Why Women Should Start Asking For a Pay Rise

Why Women Should Start Asking For a Pay Rise

It’s no secret women are hard done by compared to men, when it comes to the average salary.

Author and social commentator Jamila Rizvi said closing the nation’s gender pay gap — which has sat between 15 and 19 per cent for decades — required women to fight their fears and be well-prepared to negotiate.

Women tend to be particularly anxious about asking for more money.

It seems to be about this fear that people think you are greedy or not a very nice person.

The data tells us men are much better at asking for money for themselves. Women are excellent negotiators on behalf of their company or someone else, just not themselves.

The stats are not surprising when two-thirds of men are asking for more money, compared with just 10 per cent of women.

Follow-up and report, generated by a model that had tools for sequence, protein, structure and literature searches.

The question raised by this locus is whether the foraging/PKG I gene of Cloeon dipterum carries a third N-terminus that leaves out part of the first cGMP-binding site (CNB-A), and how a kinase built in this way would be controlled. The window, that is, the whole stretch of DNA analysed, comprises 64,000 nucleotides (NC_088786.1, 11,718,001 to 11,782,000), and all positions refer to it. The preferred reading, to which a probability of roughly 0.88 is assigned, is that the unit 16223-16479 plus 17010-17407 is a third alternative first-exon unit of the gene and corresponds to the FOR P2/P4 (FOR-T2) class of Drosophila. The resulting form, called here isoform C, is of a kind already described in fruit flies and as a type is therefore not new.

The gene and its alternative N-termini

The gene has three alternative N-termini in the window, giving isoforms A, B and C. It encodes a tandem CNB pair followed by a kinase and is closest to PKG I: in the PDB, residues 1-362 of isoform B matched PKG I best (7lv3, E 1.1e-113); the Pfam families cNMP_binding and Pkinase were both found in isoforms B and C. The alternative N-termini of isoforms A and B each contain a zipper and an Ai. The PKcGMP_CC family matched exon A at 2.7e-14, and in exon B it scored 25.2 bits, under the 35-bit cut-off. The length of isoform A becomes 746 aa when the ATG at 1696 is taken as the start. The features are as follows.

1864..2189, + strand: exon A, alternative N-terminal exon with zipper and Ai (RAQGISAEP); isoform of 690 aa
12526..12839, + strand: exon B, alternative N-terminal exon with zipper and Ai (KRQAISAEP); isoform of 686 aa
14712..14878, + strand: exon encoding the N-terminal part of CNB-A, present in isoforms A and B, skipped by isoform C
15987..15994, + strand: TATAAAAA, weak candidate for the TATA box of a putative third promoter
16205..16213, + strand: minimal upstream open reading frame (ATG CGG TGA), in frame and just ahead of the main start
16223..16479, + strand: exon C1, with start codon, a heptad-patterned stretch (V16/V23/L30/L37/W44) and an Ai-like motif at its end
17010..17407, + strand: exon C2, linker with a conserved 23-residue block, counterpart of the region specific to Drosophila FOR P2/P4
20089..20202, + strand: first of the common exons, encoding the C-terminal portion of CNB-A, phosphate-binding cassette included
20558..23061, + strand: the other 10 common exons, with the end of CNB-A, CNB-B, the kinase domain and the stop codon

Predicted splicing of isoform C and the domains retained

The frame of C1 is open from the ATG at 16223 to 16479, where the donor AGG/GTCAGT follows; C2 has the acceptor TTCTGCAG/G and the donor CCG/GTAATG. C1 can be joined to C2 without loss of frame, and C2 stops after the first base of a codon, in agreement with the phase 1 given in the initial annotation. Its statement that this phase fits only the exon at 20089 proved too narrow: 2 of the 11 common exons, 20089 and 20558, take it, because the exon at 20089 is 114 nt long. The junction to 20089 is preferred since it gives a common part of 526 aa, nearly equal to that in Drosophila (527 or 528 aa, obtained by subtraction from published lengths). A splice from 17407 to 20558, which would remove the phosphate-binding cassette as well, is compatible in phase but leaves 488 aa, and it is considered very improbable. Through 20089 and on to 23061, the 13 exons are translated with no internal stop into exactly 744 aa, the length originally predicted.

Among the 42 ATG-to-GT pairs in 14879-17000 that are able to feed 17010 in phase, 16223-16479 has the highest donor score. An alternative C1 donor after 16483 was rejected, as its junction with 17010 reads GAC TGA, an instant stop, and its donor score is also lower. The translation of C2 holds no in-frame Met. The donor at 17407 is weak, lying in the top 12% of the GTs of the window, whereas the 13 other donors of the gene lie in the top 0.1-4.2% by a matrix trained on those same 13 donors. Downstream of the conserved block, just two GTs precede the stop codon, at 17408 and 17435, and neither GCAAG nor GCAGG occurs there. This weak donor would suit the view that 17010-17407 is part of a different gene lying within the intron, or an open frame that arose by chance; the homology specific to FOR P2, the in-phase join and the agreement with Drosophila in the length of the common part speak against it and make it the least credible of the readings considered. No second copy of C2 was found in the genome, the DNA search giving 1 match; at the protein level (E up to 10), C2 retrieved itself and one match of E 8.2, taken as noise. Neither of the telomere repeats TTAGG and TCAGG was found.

Ms Rizvi said requests should be made based on skills rather than financial needs

So often I have experienced that people will ask on a whim. It shouldn’t be a last-minute decision — you almost want your manager expecting you to ask. Have a really strong case to make.

Ms Rizvi, who recently published her new book Not Just Lucky, said women should stand back and objectively assess their situation, and time their request with precision by thinking about their boss’s other demands, the business’s cash flow, when budgets were set, when bosses were stressed, and their own recent performance.

I’ve seen employees literally get the shakes when asking for a pay rise. I have also been the employee with the shakes.

Threats to quit or walk away put the employer in a binary position where they must either meet your demand or not. If they decide not to, then you either have to walk away or look really, really, really silly.”

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